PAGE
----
Why should the laws that govern the physical universe be either simple or beautiful in the way that “simple” and “beautiful” are understood by the bags of protoplasm squidging around on this particular unimportant little planet? In all likelihood, they aren’t. Physicists are now aware of about 30 mathematical constants — pure numbers — that govern the way the universe works, and there appears to be no sensible reason why any of those numbers has the value that it does. Physicists have no theory that would even remotely begin to explain those numbers.

There’s also the fact that while both general relativity and quantum mechanics make excellent predictions, predictions that can be confirmed experimentally, those two theories are not compatible with one another. But why should we expect that they would be compatible? Just because we humans want them to be compatible?

Maybe the universe is just plain messy. But Relativity for Dummies is not going to tell us that.

Are We Having Fun Yet?

Since this blog is mostly about writing, I’m going to try to turn this anecdote into a writing tip, but you’ll have to bear with me for a minute. A few months ago I joined the local Unitarian Church. As a card-carrying atheist, my choices in the Sunday morning worship department are are rather limited; fortunately, the local UU’s, as we’re supposed to call ourselves, are an active congregation, very inclusive and welcoming — and I get to practice my sight-singing with the secular humanist hymns.

We have an excellent minister (he’s leaving in July — boo, hiss!), but sometimes the services are presented by members of the congregation, or by guests. Yesterday we had a guest, an aspiring Unitarian minister named Claire Eustace. Her announced topic for the sermon was “Let’s Play!” Now, I’m one of the more playful geezers you’re likely to run into, so I was ready to be inspired.

Except, not. Ms. Eustace began her sermon with a long list of the awful things that are going on in the world. Our alleged president was mentioned. Global warming was mentioned. Discrimination against LGBTQ people was mentioned. I’m sitting there thinking, if you’ll pardon the phrase, “What the fuck?”

After a couple of minutes she suggested that we all wave our arms and make silly noises while we paint the sanctuary with imaginary colors — quite silly, but at least she’s getting onto the topic now. But no. After that we’re back to another litany of misery courtesy of the really awful world we all live in. I’m dyin’ inside.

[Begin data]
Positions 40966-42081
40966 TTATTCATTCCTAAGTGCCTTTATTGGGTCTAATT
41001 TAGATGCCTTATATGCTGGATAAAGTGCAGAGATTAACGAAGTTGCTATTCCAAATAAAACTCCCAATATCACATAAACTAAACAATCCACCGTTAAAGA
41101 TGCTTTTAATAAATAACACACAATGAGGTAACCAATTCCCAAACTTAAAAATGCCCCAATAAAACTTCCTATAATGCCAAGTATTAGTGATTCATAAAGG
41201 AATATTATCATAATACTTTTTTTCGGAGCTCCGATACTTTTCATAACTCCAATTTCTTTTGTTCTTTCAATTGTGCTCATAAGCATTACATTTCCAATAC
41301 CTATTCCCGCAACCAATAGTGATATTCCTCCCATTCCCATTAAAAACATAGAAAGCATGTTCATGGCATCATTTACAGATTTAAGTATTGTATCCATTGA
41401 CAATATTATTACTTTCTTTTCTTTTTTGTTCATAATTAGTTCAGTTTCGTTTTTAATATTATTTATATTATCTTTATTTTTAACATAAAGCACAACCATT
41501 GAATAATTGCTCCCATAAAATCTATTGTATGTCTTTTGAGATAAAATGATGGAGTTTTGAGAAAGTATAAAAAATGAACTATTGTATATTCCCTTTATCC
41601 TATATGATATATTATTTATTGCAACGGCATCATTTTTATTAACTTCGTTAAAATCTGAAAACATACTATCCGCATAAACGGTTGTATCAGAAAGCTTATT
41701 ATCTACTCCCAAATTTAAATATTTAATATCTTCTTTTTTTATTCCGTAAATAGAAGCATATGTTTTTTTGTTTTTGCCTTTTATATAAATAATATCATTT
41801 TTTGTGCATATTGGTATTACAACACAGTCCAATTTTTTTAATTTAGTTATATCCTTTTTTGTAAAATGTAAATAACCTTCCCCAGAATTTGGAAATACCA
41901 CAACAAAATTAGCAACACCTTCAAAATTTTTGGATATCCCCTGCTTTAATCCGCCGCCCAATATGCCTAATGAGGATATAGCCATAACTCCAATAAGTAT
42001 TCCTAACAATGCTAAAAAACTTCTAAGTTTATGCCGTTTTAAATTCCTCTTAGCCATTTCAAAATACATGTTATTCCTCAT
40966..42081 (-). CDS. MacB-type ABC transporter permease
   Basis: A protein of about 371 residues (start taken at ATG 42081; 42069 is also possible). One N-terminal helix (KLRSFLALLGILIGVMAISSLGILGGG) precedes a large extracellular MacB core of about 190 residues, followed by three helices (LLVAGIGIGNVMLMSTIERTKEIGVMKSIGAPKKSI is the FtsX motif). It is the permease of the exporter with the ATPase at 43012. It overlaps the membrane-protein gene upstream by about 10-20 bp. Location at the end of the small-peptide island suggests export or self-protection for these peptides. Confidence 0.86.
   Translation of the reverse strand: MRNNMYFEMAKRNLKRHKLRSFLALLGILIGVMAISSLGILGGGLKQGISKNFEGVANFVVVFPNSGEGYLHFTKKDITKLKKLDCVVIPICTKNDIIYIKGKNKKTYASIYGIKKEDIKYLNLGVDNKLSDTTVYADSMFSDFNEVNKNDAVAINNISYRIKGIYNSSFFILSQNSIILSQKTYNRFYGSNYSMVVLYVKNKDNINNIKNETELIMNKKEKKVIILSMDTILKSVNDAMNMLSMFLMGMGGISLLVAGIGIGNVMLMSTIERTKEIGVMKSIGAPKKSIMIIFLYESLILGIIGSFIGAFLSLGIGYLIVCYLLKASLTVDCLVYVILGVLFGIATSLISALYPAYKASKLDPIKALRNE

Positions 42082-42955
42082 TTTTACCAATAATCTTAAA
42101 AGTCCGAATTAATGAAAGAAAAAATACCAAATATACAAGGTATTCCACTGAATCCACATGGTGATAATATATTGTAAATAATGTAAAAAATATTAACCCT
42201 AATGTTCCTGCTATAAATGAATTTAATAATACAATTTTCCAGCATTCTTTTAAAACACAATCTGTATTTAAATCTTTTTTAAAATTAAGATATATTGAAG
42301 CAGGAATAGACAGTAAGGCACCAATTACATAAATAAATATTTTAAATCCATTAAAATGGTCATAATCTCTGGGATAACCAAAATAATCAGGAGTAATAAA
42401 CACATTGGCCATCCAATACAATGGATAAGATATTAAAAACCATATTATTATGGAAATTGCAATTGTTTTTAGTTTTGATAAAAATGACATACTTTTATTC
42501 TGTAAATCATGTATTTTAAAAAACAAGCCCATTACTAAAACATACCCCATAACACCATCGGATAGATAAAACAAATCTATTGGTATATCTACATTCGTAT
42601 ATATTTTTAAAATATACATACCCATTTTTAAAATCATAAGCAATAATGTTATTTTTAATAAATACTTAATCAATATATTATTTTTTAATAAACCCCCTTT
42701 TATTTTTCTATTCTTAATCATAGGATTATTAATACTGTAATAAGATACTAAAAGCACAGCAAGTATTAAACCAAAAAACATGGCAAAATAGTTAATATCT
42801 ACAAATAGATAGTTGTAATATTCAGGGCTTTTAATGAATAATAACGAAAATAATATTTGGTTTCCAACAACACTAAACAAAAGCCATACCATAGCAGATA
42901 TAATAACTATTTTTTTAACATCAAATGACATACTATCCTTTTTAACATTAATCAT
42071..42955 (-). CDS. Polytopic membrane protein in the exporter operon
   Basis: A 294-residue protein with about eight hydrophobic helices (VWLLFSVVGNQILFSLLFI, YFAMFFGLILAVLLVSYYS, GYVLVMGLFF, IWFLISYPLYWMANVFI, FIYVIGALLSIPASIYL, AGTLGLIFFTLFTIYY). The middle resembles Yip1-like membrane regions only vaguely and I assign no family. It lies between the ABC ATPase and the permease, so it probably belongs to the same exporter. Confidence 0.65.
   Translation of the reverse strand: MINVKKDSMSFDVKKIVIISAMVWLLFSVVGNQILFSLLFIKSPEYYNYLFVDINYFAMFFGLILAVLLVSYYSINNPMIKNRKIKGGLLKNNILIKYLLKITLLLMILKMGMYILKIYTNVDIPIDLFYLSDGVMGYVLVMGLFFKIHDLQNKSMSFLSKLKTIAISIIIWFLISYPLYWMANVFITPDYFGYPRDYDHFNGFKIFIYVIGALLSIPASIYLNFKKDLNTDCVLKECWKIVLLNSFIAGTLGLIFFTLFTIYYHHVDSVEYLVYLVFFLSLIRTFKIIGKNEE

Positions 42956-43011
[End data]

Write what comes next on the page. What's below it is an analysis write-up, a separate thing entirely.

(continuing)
And then, mirabile dictu, she mentions how important it is to be spontaneous. This was my cue. Fortunately, I was on an aisle seat. I jumped up and started dancing down the aisle snapping my fingers, back to the back of the sanctuary and out the door. I wandered around outside for ten minutes and went back in just as she was finishing.

It’s not often you get to make a post-modern editorial statement on the spur of the moment while also saving your sanity, but I was locked and loaded. I wanted to get out of there!

My read of the situation is that most likely Ms. Eustace is a painfully serious person, and was trying to apply somebody’s advice (perhaps the advice of a therapist) that she lighten up. But here’s the thing about play: Play is not — repeat, NOT — a way of giving ourselves a break from the soul-destroying crises to which we’re exposed in the daily news. Play is just play. That’s all it is.

A baby goat does not frolic to distract itself from the knowledge that it may soon be eaten by a puma. It frolics quite simply because frolicking feels good. That’s all play is, Ms. Eustace. It’s about feeling good. It’s not a response to anything; it is an end in itself.

Consider how we humans use the word. We play board games and card games. We play music. And sometimes we go to a play, where the people onstage play parts. Why do we do all this stuff? Because it’s fun.

The lesson for me, as a writer, is that if I’m not having fun writing, I’m doing it wrong. Writing is not about making a point. It’s not about proving anything, or inspiring people. Nothing like that. Writing fiction is a form of play.